Solivik Island is a barrier island that extends southwest for 16.5 miles (27 km) from Icy Cape Pass to Utukok Pass and forms the northern portion of Kasegaluk Lagoon, about 69 miles (111 km) southwest of Wainwright and 28 miles (45 km) north-northeast of Point Lay, Alaska. The Iñupiat name for the island means “a sewing place” first reported in 1956 by cartographer T.E. Taylor of the U.S. Geological Survey. Utukok Pass is a water passage navigable by small boats between the Chukchi Sea and Kasegaluk Lagoon.
Barrier islands are elongated accumulations of sand parallel to shore that in the Arctic are constructed by waves and wind-driven ice shoving. In some locations, they are isolated and separated from the mainland by lagoons depending on the hydrodynamic regime and sediment transport processes of the area. Solivik Island is a relatively recent deposit of sediment with the location, shape, and geomorphology controlled by the amount and type of sediment and the stability of wave energy and sea level. Along Alaska’s Arctic coast, these types of barrier islands are low (less than 2 m high), narrow (50- 200 m wide), and long. The length is broken occasionally by narrow inlets that provide the connection between the lagoons and the ocean. These islands are susceptible to coastal erosion since sediment is deposited by ice and eroded by waves, so shorter periods of an ice-covered ocean will result in longer periods of wave erosion.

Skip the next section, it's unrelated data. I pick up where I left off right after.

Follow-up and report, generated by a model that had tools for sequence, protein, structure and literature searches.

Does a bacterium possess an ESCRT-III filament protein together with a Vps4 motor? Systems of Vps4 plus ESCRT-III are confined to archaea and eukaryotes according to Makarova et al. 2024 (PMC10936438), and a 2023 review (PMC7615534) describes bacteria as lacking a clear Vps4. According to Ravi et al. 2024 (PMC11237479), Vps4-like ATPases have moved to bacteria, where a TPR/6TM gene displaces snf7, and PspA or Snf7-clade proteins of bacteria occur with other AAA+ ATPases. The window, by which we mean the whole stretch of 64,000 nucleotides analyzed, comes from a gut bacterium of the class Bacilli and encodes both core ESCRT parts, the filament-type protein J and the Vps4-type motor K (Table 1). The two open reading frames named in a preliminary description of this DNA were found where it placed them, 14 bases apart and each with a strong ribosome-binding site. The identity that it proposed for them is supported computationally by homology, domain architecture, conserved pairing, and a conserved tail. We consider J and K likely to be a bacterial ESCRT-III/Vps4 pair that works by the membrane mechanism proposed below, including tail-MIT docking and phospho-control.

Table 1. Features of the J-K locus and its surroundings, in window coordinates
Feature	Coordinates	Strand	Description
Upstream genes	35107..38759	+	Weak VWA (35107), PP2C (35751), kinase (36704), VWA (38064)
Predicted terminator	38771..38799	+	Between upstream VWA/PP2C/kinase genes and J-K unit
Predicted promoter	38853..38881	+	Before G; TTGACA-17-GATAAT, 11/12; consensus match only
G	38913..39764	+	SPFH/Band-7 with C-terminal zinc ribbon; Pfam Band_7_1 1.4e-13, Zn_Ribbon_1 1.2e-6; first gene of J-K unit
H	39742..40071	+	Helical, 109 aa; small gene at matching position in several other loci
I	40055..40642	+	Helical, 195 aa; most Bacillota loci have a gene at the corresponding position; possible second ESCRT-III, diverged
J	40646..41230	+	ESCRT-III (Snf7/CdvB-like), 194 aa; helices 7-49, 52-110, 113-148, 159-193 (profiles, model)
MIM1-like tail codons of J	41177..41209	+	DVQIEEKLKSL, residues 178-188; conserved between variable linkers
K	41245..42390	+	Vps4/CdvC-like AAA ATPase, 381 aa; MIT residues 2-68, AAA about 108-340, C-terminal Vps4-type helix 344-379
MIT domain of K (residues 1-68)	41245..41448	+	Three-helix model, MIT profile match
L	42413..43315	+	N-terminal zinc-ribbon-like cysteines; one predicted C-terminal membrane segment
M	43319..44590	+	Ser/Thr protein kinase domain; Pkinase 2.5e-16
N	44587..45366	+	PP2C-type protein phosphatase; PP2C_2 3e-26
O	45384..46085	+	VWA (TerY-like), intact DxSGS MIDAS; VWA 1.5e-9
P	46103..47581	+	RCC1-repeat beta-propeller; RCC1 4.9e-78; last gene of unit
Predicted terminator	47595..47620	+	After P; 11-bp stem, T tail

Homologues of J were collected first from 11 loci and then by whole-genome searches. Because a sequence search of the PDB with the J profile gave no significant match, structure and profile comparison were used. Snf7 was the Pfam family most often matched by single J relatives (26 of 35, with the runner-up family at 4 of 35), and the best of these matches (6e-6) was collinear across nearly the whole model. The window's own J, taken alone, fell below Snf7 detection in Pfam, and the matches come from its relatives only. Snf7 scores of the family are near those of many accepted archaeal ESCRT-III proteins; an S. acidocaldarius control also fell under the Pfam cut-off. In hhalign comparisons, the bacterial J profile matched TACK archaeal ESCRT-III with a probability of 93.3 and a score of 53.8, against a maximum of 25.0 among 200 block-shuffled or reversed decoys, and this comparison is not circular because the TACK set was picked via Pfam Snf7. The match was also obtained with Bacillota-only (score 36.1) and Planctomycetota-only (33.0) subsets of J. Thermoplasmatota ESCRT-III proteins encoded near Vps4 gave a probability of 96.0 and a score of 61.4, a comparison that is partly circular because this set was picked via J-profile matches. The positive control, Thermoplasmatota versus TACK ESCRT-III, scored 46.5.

Over one-third of the Chukchi coast is protected by a chain of narrow barrier islands. Along with their associated lagoons, this ecosystem is vital to the birds, mammals, and fish in the region; however, they are under threat from rising seas, loss of sea ice, and increased storm surges. The erosion, or periodic inundation of barrier islands, in addition to the presence of new predators moving north in concert with a changing climate, creates new risks for many of the animals that live and breed along this coast. For example, Pacific common eiders breed on many barrier islands in the Chukchi Sea and are an important subsistence species contributing to food security for several coastal communities. They have also been recognized as a species of concern because of population declines and threats from climate change and habitat disturbance. Common eiders are now the highest-risk waterbird population on Alaska’s Arctic coast, largely due to potential overwash and erosion of their nesting habitat. See a short video of ice shoving here. Read more here and here. Explore more of Solivik Island here: